- - Cookson Says Doping Controls at Tour de France Were Effective

Cookson Says Doping Controls at Tour de France Were Effective

During an interview with AFP this week, UCI president Brian Cookson said the levels of fatigue observed by riders, along with by a higher attrition rate than usual, were clear signs that the doping controls at this year’s Tour de France were effective.

Indeed, with no fewer than seven high mountain stages, four of which were packed into the final week, and only 160 riders completing the race, with eight abandoning during the final four stages alone – was further proof that this year’s Tour was more difficult than previous races, with no rider being able to artificially induce his performance without detection.  

“I think we saw riders during the last Tour de France were very tired and one of the causes, in my opinion, is the increased efficiency of doping controls,” Cookson said during an IOC session in Kuala Lumpur. “No one likes to see someone exhausted, but I think that this is a demonstration that we have constantly tightened the meshes of doping controls.

“People must have this in mind when they launched allegations and aspersions on any rider and any team.”

Only one rider tested positive for a banned substance in this year’s Tour, and that was Luca Paolini (Katusha), who tested positive for cocaine during the opening week. As a result, the Italian rider was provisionally suspended by his team.

After that, only allegations and innuendo on the part of spectators played out during the race, with no evidence to support doping claims toward any rider.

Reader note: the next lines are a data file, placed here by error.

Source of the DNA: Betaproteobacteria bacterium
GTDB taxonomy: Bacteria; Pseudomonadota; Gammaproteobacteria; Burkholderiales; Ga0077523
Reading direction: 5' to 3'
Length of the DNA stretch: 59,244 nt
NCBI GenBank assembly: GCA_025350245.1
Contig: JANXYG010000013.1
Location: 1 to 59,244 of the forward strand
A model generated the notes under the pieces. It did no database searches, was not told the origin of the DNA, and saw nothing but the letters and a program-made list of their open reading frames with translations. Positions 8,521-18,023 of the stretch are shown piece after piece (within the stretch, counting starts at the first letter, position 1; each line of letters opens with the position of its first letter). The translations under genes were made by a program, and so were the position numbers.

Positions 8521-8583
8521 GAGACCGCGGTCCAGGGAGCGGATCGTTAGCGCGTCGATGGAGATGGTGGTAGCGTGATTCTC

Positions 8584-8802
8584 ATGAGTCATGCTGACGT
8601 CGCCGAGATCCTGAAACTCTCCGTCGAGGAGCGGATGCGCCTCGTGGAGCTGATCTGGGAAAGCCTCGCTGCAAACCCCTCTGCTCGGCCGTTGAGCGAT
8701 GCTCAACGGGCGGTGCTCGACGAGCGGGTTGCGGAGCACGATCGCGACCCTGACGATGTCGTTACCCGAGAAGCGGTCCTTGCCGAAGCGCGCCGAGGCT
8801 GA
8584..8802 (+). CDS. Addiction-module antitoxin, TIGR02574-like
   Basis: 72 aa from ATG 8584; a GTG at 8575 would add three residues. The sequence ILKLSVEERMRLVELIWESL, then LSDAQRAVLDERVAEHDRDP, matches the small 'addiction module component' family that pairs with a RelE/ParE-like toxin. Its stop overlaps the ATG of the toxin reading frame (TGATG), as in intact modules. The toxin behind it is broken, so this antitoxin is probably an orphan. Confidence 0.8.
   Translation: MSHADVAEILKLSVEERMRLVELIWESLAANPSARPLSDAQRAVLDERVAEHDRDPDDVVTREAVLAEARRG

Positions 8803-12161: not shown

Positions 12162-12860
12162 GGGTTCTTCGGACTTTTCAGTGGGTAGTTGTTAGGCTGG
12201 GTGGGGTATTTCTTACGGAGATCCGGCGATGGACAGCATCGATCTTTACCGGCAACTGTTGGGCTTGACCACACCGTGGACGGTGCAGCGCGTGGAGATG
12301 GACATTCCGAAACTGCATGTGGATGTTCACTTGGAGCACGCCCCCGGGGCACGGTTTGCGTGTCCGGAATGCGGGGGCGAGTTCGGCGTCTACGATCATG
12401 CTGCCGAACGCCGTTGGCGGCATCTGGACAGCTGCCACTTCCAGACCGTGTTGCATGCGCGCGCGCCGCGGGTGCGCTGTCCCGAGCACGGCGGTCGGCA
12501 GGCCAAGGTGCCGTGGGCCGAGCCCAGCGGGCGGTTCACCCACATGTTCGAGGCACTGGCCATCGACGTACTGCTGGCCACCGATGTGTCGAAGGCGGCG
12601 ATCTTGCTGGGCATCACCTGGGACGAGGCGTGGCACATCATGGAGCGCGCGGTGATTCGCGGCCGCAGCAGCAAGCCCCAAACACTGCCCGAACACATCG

Unfortunately for Chris Froome, he and his teammates faced the worse of it, with accusations of doping rising to a level, where roadside spectators began engaging in abusive behavior toward them.

For instance, during stage 14, a spectator allegedly threw urine at Froome, while several of his teammates were subjected to spitting. Furthermore, Richie Porte was reportedly punched during a stage as well.

Froome later blamed irresponsible reporting on the part of the French media for inciting such behavior. 

However, Cookson dismissed criticism for not being vocal enough amidst the turmoil. 

“There have been unfortunate incidents in the Tour this year, and it makes me very uncomfortable. In recent years, I have become increasingly worried about the fans who are on the edge of the road, pushing cyclists, etc. It has reached a point of real concern. I think Chris was the target of quite disgusting assaults by a small number of people.”

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